What's Not to Like About Gilead?

To be honest, there's nothing not to like about Gilead Sciences (Nasdaq: GILD  ) . Granted, that's not the most exciting premise for an article, but since Gilead on Wednesday released another solid quarter of financial growth and progress with its pipeline, there's just not a whole lot to complain about.

Revenue was up 40% for 2007, with sales of HIV drug Atripla (partnered with Bristol-Myers Squibb (NYSE: BMY  ) ) up 89% year over year in the fourth quarter. Non-GAAP earnings were $1.81 per share, a 33% increase over 2007. Like I said, there's not much to complain about.

On the pipeline front, last quarter, Gilead announced underwhelming phase 1 data for its hepatitis C antiviral drug candidate GS9190 at the American Association for the Study of Liver Diseases conference. It has been a tough road for Gilead in the hepatitis C arena. Polymerase inhibitor GS9190 showed mediocre performance, and partner Achillion Pharmaceuticals (Nasdaq: ACHN  ) had to go back to the drawing board with its protease inhibitor program earlier in the year.

The clinical trial pathway for Gilead's anti-HIV integrase inhibitor, Elvitegravir, also got harder following the approval of Merck's (NYSE: MRK  ) rival integrase inhibitor, Isentress, in October. Gilead now plans to test Elvitegravir head-to-head against Isentress in a non-inferiority study. Actually having to match a similar active comparator drug raises the bar for the 48-week study's success.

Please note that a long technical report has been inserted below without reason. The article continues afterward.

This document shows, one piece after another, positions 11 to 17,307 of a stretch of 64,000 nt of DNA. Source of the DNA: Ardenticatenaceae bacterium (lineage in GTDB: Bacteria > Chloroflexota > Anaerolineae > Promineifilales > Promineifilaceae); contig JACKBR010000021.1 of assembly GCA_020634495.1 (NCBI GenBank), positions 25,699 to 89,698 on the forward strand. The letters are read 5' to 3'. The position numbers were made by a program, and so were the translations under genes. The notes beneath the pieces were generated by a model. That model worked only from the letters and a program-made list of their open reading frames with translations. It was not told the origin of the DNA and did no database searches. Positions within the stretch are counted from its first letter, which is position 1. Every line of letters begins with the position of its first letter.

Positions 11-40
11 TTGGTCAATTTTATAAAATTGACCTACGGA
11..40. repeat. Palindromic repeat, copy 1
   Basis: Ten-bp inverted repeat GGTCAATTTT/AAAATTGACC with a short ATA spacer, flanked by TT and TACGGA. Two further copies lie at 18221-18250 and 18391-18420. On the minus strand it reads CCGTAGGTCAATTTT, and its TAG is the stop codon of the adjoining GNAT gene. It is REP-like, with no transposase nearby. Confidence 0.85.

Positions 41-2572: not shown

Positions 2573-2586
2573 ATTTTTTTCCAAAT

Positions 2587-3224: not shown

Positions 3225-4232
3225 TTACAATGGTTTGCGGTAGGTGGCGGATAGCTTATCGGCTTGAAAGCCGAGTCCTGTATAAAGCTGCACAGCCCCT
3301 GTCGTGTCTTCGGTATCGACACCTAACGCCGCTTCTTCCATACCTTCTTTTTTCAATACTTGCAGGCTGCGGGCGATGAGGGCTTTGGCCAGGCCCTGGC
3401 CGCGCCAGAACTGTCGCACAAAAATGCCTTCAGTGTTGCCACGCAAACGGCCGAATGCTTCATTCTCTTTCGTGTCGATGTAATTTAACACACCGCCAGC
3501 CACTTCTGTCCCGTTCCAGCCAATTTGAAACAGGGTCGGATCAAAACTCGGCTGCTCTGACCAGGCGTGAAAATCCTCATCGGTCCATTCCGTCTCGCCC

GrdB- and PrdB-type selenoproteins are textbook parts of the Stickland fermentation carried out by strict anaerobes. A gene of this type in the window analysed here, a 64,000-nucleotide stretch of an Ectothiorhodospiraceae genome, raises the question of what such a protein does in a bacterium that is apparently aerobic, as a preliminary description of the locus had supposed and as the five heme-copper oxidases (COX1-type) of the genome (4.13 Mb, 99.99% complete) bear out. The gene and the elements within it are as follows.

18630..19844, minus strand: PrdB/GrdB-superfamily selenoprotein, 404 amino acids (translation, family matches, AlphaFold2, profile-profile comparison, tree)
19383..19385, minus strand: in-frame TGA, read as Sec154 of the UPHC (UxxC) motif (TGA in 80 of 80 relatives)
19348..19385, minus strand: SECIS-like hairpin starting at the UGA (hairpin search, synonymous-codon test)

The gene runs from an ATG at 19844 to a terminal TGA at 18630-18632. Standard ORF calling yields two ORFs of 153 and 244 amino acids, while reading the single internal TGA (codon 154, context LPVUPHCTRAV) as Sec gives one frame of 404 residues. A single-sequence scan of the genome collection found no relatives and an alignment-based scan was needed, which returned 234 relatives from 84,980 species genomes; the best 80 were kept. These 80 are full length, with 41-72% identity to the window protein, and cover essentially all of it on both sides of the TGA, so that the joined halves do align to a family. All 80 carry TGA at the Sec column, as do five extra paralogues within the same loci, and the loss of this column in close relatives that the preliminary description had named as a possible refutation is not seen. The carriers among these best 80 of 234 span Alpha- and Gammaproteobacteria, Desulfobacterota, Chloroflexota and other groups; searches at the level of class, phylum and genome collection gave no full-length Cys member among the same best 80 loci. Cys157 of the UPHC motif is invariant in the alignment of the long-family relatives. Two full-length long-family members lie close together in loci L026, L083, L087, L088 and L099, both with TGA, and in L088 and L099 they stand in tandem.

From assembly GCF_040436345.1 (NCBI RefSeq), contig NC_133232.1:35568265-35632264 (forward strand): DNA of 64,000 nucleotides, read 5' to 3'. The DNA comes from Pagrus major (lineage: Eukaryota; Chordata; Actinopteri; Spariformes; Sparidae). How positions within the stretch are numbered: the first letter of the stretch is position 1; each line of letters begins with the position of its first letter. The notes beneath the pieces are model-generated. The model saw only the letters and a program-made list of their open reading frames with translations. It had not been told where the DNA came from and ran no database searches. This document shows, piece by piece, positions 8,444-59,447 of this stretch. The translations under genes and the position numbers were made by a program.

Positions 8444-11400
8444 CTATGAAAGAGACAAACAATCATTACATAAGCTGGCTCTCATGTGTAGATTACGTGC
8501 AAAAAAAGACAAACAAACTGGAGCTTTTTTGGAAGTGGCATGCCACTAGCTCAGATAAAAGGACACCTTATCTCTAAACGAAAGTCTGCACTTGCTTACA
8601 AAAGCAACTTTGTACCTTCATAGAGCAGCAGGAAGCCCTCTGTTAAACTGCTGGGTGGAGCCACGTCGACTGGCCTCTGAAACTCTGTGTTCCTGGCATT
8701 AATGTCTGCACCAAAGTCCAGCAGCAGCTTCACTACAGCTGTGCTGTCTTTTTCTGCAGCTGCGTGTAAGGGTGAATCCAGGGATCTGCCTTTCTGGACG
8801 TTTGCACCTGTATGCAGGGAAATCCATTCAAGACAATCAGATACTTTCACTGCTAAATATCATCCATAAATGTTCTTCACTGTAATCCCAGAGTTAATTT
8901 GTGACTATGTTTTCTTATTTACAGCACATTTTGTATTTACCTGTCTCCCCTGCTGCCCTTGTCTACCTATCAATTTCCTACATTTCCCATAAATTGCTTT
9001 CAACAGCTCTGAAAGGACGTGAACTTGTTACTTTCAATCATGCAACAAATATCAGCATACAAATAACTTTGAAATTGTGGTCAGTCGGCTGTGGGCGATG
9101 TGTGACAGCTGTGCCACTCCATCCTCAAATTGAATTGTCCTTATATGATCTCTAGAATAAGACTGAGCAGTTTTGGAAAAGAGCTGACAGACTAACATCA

Looking ahead to 2008, Gilead is going to be getting a lot of FDA regulatory news this year. The PDUFA date for its cystic fibrosis drug is Sept. 16, and a regulatory decision from the FDA on the label expansion for HIV therapy Viread into hepatitis B is also expected in the third quarter. On the financial front, Gilead has guided for product sales to be up 26% to 29% in 2008.

Seeing as Gilead is looking more and more like a diversified pharma with a robust clinical-stage pipeline and growing cash flows, the financial community wouldn't start weeping if the company started to use some of its plentiful free cash flow to fund a dividend. An aggressive $1 billion worth of annual cash could fund a 2.4% dividend yield, for example. Other than that, it's hard not to get excited about Gilead from both a valuation and a performance standpoint.


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